Condica discistriga (Smith, 1894)
OR : Baker Co.
Burnt R. Cyn., 3179 ft
July 20, 2006, L. G. Crabo.
Specimen courtesy of LGCC
Photograph copyright: Merrill A. Peterson
Condica discistriga is a medium-sized (FW length 15 - 18 mm) moth that flies in steppe and dry forests during late spring and summer. It has a longitudinally streaked orange-brown and gray forewing with indistinct spots. The wing has a pointed apex. The ground color is medium-dark orange-brown with the central portion from the mid-cell to the above the fold from the base to the subterminal line as well as the edges of the costal and trailing margins are darker brown-gray from the base to the subterminal line. The terminal area is darker brown, sometimes gray. The veins are gray, darkest on the distal third of the wing, and there are additional black lines as a basal dash and dark streaks in the cell producing a longitudinally streaked appearance. The double antemedial and postmedial lines are evident as spots on the costa; the smoothly convex postmedial line is also evident as dark dots on the veins. The subterminal line is jagged, usually diffuse white, drawn toward the base opposite the cell above veins M3 and in the fold below vein CuA2 and scalloped toward the margin on veins M3, CuA1, and CuA2. The terminal line is thin and dark. The fringe is checkered dark gray and white. The orbicular spot is variably present, small, oval, of the ground color peripherally, and has a small gray dot centrally. The reniform spot is incomplete, usually with the lower half visible, outlined in thin black, and filled with the ground color, black, and a small amount of central pale gray to white scales, often only visible as a pale interruption of the streaked pattern through the cell. The claviform spot is absent. The hindwing is pale brown-gray with scattered dark scales, slightly darker toward the margin, with darker discal spot, veins, and terminal line. The postmedial line is evident as darker spots along the veins and the fringe is paler than the rest of the wing with a thin line through the base. The head and thorax are covered with white-tipped gray scales, appearing mottled gray. The collar has faint transverse barring and a paler gray tip in most specimens. The tegulae are orange-brown with gray margins. The male antenna is filiform.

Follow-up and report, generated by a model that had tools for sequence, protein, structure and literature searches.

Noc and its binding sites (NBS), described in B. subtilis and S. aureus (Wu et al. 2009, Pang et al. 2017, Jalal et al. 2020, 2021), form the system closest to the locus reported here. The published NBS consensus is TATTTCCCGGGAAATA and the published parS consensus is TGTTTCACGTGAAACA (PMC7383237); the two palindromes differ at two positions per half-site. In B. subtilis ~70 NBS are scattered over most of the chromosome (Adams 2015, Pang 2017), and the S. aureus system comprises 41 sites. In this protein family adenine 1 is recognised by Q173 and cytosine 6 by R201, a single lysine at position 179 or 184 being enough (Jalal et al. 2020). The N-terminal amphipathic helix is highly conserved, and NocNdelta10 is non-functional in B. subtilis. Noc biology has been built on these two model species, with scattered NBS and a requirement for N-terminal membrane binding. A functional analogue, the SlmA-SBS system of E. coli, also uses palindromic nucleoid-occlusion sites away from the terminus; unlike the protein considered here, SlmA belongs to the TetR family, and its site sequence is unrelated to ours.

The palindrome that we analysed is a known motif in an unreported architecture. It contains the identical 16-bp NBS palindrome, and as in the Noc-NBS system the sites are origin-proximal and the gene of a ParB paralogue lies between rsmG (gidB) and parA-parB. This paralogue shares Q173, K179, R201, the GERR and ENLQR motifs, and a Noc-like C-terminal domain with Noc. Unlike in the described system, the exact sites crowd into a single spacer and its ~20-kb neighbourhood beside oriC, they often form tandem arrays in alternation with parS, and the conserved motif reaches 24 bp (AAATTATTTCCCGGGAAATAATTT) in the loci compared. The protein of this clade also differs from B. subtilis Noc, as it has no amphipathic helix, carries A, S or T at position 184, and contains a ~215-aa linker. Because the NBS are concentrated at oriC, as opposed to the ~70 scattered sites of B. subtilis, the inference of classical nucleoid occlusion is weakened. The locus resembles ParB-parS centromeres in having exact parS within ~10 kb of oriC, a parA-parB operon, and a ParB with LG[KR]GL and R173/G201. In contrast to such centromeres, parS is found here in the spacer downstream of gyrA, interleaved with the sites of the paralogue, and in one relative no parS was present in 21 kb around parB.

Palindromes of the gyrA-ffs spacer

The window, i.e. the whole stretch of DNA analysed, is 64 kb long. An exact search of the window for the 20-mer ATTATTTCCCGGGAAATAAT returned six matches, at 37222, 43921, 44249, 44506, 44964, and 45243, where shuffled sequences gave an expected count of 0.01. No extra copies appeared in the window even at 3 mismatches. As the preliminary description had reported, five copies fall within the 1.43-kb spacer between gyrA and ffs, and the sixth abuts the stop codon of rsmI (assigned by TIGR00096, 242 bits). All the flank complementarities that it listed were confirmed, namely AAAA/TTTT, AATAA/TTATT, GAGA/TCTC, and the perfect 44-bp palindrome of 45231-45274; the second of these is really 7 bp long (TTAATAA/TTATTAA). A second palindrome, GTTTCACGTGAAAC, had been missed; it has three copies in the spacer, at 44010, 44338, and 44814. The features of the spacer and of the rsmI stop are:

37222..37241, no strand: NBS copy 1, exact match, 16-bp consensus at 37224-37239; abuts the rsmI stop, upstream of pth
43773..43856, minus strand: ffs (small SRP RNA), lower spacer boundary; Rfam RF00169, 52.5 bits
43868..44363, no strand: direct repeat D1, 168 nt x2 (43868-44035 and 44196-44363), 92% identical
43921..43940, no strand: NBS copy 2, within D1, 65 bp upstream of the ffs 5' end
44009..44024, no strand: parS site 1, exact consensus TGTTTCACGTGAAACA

This species can usually be identified by its orange brown and gray color and streaked pattern. Euxoa pluralis and Rhizagrotis modesta are similar in color and occur in the same steppe habitat as C. discistriga. Euxoa pluralis has well-defined orbicular and reniform spots that are larger than those of C. discistriga. Rhizagrotis modesta has a more uniformly pale hindwing lacking dark veins and terminal line and usually has a complete gray postmedial line on the forewing unlike C. discistriga in which the line is indistinct.
This species is moderately common on dry, open sagebrush steppes and in juniper woodlands at low to middle elevations east of the Cascades, but also occurs in open ponderosa pine forests at middle elevations.
Condica discistriga is found in the dry interior of the Pacific Northwest as far north as south-central British Columbia. It is widespread in the Columbia Basin in Washington and in the southern parts of Oregon and Idaho.
The range of C. discistriga includes much of western North America from the Rocky Mountains west to the Pacific. Most records from outside of our region are from Colorado, Utah, and the northern portions of Arizona and New Mexico. It has also been collected in southwestern Saskatchewan, and northwestern Nevada. It is limited to the extreme eastern and southwestern parts of California.
The only known foodplant for the larva is rabbitbrush (Chrysothamnus spp., Asteraceae) (Crumb 1956).
The adults fly from late spring through the summer and have been collected from early March through August in the Northwest. They are most commonly found in June and July. This species is nocturnal and comes readily to light.